Health care, as we often say, is full of crazes, and one of the biggest right now is getting “value” for our spending. Towers Watson and the National Business Group on Health teamed up to inventory current employer moves in this area and published the results. (TW Report) The survey focuses on large employers with over 1000 employees, who tend to be in the vanguard on health benefits issues. Collectively the 588 companies who responded to the survey employ 9.2 million full-time employees. In 2010 they spent an average of $10,387 per employee on health care and they expect to spend about $11,176 per employee in 2011, or almost an 8% increase. While these employers are paying 36% more for health care than they did just five years ago, their employees have seen a 45% increase in the same time period. So the burden on employers is growing more rapidly than inflation or economic growth but it is even worse for employees.
Interestingly, there is a fair amount of variation in the cost trends for employers. While the overall average has been about 6% for the last two years, a low-performing quartile has seen 10% growth and a high-performing one only 1%. A group of 50 companies showed consistent good cost management, with annual growth over the last four years of only 1.8% versus the median of 6.3%. Without knowing details of demographics, etc., it is difficult to know exactly why this is so, but it appears that it is possible for an employer to get better control of spending, and even keep it close to the rate of general inflation. Some of the tactics preferentially used by the group with good cost trends include renegotiating PBM financial arrangements, rewarding enrollment in healthy lifestyle activities and changing plan options.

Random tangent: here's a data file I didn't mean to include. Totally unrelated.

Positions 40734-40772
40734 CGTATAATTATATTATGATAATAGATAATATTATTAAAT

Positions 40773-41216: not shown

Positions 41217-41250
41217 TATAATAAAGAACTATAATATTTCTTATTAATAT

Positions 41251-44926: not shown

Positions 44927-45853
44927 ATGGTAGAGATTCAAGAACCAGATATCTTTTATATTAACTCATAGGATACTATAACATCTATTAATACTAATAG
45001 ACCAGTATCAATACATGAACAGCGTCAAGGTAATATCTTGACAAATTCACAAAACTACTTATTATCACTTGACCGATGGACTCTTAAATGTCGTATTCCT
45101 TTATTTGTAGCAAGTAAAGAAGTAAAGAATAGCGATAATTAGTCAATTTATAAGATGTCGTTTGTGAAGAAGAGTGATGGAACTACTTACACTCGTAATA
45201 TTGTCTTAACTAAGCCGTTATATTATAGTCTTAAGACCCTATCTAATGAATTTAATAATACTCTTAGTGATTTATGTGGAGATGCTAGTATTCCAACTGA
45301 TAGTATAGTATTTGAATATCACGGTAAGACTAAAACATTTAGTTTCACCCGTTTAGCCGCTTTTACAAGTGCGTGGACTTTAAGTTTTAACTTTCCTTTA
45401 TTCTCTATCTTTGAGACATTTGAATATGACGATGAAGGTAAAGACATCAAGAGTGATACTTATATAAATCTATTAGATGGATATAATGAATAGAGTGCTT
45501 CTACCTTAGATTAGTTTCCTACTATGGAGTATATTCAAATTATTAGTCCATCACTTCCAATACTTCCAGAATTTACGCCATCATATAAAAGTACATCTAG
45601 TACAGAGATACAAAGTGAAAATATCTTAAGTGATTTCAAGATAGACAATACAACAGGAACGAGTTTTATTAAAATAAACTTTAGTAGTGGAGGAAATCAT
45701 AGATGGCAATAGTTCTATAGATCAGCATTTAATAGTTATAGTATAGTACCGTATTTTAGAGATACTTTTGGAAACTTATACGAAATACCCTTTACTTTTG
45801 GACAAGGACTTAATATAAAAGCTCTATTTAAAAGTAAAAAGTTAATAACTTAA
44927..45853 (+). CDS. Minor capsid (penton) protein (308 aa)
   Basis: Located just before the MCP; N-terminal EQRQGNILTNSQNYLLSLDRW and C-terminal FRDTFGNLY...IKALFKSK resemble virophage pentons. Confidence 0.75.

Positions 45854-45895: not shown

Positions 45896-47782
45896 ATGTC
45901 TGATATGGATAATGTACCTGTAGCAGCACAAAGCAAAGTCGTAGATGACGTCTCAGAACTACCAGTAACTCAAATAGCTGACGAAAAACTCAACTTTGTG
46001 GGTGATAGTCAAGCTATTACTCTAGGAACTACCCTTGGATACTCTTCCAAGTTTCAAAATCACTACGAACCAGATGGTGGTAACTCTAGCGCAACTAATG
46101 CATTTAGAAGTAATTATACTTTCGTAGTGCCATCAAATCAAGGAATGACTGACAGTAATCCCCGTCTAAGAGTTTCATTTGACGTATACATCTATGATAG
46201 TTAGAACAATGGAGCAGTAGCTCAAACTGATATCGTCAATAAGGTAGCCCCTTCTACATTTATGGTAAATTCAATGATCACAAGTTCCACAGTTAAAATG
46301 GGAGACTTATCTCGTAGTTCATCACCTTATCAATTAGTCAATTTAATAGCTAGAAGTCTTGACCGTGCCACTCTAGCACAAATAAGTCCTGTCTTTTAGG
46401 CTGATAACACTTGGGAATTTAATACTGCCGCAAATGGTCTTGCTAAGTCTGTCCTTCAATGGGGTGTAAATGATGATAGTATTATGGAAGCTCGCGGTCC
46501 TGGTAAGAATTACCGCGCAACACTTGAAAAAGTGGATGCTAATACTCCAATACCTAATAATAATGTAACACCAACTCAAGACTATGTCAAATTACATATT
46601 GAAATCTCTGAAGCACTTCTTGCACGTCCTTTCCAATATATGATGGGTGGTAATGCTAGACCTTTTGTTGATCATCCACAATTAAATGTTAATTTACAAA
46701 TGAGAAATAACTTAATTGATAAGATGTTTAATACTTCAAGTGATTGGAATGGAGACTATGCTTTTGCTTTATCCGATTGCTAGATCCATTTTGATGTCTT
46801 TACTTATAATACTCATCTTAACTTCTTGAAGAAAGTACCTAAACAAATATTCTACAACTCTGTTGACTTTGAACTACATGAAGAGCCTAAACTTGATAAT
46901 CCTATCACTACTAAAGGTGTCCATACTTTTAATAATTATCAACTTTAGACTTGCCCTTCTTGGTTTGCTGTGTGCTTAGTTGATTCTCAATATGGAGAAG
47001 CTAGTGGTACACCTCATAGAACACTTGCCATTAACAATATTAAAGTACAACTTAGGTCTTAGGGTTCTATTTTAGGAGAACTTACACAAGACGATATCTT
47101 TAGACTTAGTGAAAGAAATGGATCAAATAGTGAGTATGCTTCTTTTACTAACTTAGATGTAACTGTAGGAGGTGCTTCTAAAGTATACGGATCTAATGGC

Some of the 2012 steps that employers anticipate taking include differentiated cost-sharing for use of high-performance providers or centers of excellence, rewarding employees for healthy behaviors based on biometric outcomes, value-based benefit designs and auditing claim payments. Employers believe that the reform law will impose substantial burdens on them in coming years. There is particular concern about the excise tax, which is logical since many of these large employers have relatively rich plans. Interestingly for the debate on how many employers will potentially drop the health insurance benefit, only 38% have high confidence that they will be offering health insurance ten years from now, which is almost a 50% drop from the peak in 2007. Employers view employees’ poor health habits as far and away the leading cause of excessive spending. High deductible plans continue to grow in popularity, as does availability of worksite health services, like clinics and pharmacies.